Tuesday, June 10, 2008

Avery K Tingle

Timeless Interactive Storytelling: Can It Be Done?

Bioware beat me to it, but at the same time proved it can be done; can you really build a business on story-based interactive media? Apparently, you can, and you can do it using someone else's property, too.

This has always been my goal; to run my own development firm that specialized in storytelling through games and animated films. As I delve deeper into the venture (meaning, I'm putting my own money into this and it's starting to feel more real) I have come to realize that we are approaching a time when more than mere story is needed in triple-A titles in order succeed. Not only do we need the story, we need to give the player the idea that they are in control of it.

Star Wars: Knights accomplished this perfectly, I think, but years later, I'm having a hard time thinking of the high points of that story. In the end, to me, it was kick-ass gameplay with derivative characters that placed you, the player, in the center of that universe. The whole thing was written off in the end by claiming to be "another story woven into the history of the Jedi Knights." Nice, but doesn't last forever.

I've played timeless games where story had little to do with it; Street Fighter 2 achieved its massive success because of its addictive gameplay and the perpetual goal of getting stronger. I attribute a lot of its success to the first, and ultimate, social network; word of mouth. Moves were never displayed on arcade cabinets. Instead, you learned from friends, usually after they finished whooping your ass. You passed what you learned on, and so forth. The Alpha franchise gave us more insight into the character histories, but in the end, it was still gameplay that allowed it to succeed.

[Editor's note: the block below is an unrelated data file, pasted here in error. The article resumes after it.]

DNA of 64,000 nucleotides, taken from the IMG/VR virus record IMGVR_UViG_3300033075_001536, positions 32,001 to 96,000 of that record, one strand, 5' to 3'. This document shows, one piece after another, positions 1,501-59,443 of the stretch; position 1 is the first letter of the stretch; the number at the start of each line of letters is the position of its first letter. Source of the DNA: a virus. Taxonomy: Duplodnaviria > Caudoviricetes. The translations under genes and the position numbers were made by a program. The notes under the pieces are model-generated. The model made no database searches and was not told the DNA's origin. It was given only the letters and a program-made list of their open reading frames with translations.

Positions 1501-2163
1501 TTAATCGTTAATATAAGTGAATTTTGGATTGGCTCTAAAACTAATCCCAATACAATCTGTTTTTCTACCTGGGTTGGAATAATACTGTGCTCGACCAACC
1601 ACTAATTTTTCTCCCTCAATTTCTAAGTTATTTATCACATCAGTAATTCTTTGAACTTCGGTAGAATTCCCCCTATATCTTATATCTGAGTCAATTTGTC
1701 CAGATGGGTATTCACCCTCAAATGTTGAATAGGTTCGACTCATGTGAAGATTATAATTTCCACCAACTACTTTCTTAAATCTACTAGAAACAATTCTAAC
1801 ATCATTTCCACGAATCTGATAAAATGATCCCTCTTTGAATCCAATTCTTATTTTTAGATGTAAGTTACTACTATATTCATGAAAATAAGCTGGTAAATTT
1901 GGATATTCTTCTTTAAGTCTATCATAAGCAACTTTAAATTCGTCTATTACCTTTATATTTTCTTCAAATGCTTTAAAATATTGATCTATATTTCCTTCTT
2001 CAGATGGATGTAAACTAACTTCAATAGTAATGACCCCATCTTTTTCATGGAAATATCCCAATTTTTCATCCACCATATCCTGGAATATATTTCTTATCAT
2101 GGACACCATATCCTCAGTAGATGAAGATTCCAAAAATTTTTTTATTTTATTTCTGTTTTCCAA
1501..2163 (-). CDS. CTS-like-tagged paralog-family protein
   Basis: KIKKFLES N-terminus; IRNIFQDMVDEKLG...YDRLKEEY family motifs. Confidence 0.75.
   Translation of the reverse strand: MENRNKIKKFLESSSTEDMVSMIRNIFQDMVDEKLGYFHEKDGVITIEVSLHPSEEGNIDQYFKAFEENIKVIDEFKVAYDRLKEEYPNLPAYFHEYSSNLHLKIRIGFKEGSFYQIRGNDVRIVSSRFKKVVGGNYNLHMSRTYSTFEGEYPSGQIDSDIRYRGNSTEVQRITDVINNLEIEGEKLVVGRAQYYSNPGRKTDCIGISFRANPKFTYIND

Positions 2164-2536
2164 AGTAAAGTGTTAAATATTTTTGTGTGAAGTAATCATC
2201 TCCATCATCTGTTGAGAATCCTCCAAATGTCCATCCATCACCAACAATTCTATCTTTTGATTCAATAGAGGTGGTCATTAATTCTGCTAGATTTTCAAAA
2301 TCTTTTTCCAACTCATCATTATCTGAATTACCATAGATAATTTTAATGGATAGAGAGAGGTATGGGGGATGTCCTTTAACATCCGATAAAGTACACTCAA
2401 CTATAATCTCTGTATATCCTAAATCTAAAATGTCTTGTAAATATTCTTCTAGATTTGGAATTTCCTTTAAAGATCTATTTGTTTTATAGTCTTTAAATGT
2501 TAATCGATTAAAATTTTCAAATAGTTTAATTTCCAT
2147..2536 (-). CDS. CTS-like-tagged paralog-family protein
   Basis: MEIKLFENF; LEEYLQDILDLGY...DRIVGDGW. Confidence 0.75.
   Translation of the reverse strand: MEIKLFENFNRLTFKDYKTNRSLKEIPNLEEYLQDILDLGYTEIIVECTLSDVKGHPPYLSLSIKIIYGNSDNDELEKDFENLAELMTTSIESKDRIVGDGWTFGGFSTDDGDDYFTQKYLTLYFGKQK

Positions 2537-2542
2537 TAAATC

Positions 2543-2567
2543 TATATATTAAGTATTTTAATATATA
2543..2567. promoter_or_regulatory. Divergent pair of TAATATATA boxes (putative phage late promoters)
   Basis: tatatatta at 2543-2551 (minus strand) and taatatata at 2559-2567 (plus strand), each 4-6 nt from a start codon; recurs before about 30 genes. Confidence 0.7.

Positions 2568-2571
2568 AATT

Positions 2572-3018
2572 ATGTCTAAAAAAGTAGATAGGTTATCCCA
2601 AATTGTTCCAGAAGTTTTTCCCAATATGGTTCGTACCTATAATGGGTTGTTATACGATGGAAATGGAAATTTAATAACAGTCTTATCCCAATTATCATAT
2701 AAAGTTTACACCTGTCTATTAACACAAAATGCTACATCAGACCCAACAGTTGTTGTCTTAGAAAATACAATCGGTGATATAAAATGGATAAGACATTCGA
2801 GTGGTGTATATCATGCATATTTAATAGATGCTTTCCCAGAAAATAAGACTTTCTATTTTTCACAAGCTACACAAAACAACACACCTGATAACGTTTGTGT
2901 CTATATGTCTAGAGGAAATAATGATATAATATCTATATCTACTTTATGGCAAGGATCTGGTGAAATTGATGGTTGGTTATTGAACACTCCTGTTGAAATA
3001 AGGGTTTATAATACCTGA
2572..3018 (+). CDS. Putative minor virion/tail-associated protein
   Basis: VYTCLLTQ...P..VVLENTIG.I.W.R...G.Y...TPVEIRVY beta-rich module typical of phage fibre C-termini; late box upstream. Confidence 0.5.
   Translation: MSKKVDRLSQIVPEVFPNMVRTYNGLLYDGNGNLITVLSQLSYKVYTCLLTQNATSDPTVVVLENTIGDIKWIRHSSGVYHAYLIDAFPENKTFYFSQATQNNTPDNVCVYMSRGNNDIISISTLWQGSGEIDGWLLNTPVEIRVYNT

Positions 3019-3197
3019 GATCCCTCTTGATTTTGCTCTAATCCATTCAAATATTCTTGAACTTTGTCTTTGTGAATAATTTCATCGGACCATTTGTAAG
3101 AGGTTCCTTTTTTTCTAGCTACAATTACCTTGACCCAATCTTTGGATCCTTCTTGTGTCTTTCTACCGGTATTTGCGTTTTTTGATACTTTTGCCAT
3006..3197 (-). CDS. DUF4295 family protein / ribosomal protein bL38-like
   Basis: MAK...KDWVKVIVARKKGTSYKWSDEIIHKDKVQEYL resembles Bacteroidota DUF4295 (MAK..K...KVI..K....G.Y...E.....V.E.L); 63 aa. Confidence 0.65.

One game came the closest to timeless, in my opinion; Final Fantasy 7.
Yes, I refuse to let this title die because it was just such an overwhelming success on so many levels. I cried my eyes out when Aeris was killed. I smirked for that last one-on-one battle with Sephiroth. I relished how much I so hated a video game character, and the four-disc chase has yet to rival anything story-based I have played since then, including Star Wars Knights.
Final Fantasy succeeded by simplifying the RPG formula and showing the rest of us what the big deal was (I wouldn't be caught dead near Zelda beforehand, and now I count Xenogears and Star Ocean among my favorite titles). Final Fantasy 7 has endured the test of time, as proven by its ever-increasing price tag. I will eventually mortgage my home to own this game.

So the question is now, can this success be replicated? When you think about it, FF7 had an incredibly deep story, but not a lot of variances that ultimately affected the story. Yet people still flock to it in droves. What did it do right?

I guess when I figure that out, I'll get a game published.

In the meantime, I have come to these conclusions.

Keep the premise simple: Star Wars (the trilogy) boils down to Luke Skywalker's rise from desert farmboy to Jedi Knight. You have a killer supporting cast and subplots, but Luke's journey is what it all boils down too. Create a protagonist in your game, give him/her a simple goal (or set of goals) and then create the world around it. But if you can't understand your main character's motivations, chances are the players won't either.

Let the player choose: I got news for you. I don't like games like Grand Theft Auto that glorify violence just for the sake of being violent. But you know what? The games make ungodly amounts of money, and that is largely because the player controls what happens. There is a larger objective to be accomplished (see rule number 1) and then a myriad of ways to get the job done. There are even more ways to screw around (literally) as you get said job done. I don't know if GTA will still be as cool ten years from now as it is today, but it'll always be a hallmark in gaming history simply because Rockstar gave the player free will. Which brings me to rule number three...

Take your ego out of the equation: One of my favorite lines spoken by M in "Casino Royale" and truer words are never spoken. It's not about you. It's about the people who play the game.

I guess....when I find a way to reconcile all three, I'll get to where I want to be. Here's hoping someone doesn't beat me to it. ;)

Avery K Tingle

About Avery K Tingle

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